I apologise in advance for not finding the answer myself. I spent some time googling, but was only able to find a few related questions but no direct answer to my one. I also have to add that I'm not a student and study semiconductors in my free time.
I wonder why the majority carriers in a semiconductor have such a freedom of movement and not stay in the vicinity of the dopant atoms?
I'll provide a specific example: a Silicon crystal doped with Phosphorus. Phosphorous does indeed have an extra electron that can serve as a majority carrier, however, it also contains one proton more which attracts the electron.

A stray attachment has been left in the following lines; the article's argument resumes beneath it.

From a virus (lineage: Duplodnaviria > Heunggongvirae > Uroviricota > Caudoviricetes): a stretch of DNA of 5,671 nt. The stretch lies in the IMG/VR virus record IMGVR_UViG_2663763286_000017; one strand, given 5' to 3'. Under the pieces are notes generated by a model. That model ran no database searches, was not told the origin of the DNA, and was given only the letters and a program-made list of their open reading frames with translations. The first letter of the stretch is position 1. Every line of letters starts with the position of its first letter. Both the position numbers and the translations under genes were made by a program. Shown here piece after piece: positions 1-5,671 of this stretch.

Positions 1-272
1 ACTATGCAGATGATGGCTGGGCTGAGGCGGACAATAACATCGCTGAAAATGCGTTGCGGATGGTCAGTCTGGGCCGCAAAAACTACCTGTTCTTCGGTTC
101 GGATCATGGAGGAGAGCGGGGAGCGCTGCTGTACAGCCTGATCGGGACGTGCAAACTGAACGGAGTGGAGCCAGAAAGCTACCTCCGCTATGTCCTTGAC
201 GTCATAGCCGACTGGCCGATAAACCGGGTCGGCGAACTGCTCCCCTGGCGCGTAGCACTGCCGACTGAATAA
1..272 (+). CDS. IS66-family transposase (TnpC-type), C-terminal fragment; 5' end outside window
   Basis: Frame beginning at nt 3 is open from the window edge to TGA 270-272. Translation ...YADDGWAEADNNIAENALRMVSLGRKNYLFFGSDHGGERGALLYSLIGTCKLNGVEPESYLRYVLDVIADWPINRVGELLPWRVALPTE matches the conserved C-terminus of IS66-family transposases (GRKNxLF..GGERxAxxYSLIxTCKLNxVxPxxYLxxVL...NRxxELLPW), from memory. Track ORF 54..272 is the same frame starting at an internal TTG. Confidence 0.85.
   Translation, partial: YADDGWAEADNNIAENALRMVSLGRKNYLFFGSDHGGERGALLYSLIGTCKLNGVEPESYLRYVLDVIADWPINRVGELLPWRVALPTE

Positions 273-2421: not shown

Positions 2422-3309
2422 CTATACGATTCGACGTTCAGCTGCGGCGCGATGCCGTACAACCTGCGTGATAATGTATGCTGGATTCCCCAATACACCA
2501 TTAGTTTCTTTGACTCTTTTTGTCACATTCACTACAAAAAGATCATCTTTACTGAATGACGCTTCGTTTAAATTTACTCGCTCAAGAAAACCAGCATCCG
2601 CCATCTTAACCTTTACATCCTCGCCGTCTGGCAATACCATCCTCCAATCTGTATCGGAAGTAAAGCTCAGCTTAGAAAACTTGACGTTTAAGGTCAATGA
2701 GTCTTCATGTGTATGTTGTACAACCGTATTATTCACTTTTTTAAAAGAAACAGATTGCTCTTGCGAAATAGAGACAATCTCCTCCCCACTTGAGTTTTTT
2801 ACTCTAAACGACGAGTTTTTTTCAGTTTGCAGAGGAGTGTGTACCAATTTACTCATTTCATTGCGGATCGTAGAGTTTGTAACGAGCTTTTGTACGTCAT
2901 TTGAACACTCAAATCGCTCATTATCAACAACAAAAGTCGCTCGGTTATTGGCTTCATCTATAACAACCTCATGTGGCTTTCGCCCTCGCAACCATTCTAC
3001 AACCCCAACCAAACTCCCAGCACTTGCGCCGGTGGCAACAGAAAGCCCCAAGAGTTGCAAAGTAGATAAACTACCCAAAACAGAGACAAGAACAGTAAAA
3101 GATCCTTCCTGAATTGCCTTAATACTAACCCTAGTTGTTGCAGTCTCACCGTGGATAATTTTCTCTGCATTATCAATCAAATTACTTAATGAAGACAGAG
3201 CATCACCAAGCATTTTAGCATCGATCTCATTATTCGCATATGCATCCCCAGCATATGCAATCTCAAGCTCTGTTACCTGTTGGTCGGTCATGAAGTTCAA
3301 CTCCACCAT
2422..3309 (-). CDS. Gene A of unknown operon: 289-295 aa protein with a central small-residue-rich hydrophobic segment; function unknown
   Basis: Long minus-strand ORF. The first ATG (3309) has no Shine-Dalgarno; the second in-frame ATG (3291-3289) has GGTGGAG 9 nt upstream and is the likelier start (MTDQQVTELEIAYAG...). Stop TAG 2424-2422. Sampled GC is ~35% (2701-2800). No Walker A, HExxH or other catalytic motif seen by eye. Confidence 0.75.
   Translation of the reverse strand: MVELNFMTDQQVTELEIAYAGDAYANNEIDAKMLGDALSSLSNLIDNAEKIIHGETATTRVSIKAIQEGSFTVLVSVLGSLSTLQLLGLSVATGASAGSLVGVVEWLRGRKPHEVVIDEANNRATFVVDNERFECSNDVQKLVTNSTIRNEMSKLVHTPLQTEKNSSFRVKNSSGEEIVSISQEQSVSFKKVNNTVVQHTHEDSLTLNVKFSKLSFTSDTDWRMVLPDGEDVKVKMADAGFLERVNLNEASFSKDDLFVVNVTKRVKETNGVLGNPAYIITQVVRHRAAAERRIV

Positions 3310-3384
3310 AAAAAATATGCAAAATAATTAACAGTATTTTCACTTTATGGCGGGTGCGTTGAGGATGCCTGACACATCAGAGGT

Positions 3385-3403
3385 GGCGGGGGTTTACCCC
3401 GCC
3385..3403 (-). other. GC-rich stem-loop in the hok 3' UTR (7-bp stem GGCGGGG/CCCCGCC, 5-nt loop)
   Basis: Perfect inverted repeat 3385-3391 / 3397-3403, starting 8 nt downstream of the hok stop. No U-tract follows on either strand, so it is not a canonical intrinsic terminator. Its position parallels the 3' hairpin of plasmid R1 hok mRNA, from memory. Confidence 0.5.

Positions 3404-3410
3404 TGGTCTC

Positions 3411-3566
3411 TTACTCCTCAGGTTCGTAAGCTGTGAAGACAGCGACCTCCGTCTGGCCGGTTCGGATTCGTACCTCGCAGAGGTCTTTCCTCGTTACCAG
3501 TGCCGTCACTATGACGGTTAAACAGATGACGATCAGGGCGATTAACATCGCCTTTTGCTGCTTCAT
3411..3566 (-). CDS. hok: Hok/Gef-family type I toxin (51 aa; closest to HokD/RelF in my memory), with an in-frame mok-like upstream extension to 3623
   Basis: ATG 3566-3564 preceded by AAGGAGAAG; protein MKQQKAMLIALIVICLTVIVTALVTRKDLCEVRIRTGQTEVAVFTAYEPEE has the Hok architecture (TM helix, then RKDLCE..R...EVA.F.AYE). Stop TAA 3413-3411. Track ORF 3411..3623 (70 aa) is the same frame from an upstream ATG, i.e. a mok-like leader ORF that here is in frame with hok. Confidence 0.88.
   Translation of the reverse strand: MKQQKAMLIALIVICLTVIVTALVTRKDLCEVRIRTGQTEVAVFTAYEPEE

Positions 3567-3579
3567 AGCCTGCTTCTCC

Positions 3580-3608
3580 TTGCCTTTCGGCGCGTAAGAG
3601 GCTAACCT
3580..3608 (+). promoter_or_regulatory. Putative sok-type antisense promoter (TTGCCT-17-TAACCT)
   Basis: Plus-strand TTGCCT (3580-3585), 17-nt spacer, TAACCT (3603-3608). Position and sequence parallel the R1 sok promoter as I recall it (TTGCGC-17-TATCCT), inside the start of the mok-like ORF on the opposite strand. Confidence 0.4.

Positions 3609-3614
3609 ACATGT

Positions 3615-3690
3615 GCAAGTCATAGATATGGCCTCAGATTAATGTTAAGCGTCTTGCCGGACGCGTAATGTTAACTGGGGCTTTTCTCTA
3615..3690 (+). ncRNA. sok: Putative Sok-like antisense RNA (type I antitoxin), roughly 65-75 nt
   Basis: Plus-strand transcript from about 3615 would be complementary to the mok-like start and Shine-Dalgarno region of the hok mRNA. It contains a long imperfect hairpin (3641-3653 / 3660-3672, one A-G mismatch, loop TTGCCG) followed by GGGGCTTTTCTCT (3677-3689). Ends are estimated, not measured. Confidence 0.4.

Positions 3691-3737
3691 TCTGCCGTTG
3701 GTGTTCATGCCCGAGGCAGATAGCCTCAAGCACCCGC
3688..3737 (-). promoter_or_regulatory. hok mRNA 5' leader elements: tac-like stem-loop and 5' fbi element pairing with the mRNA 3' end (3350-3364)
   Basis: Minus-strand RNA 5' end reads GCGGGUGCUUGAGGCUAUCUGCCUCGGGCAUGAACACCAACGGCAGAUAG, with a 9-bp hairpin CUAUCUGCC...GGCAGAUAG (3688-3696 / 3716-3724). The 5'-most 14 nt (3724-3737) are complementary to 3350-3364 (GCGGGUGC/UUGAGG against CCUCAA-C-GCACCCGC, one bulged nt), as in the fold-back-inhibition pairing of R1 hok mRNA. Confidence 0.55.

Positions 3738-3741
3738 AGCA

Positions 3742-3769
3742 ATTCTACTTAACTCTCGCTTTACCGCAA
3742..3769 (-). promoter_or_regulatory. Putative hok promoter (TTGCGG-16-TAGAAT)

Doesn't that mean that even if an electron manages to escape far enough for the electrostatic forces to be negligible, the extra proton not moving anywhere would constitute a local positive charge that would attract other passing by majority carriers and eventually trap one of them?
I would also imagine that the electrostatic force attracting electrons to the Phosphorus ion should be much greater in its direct proximity than any reasonable bias voltage applied to the far-away terminals.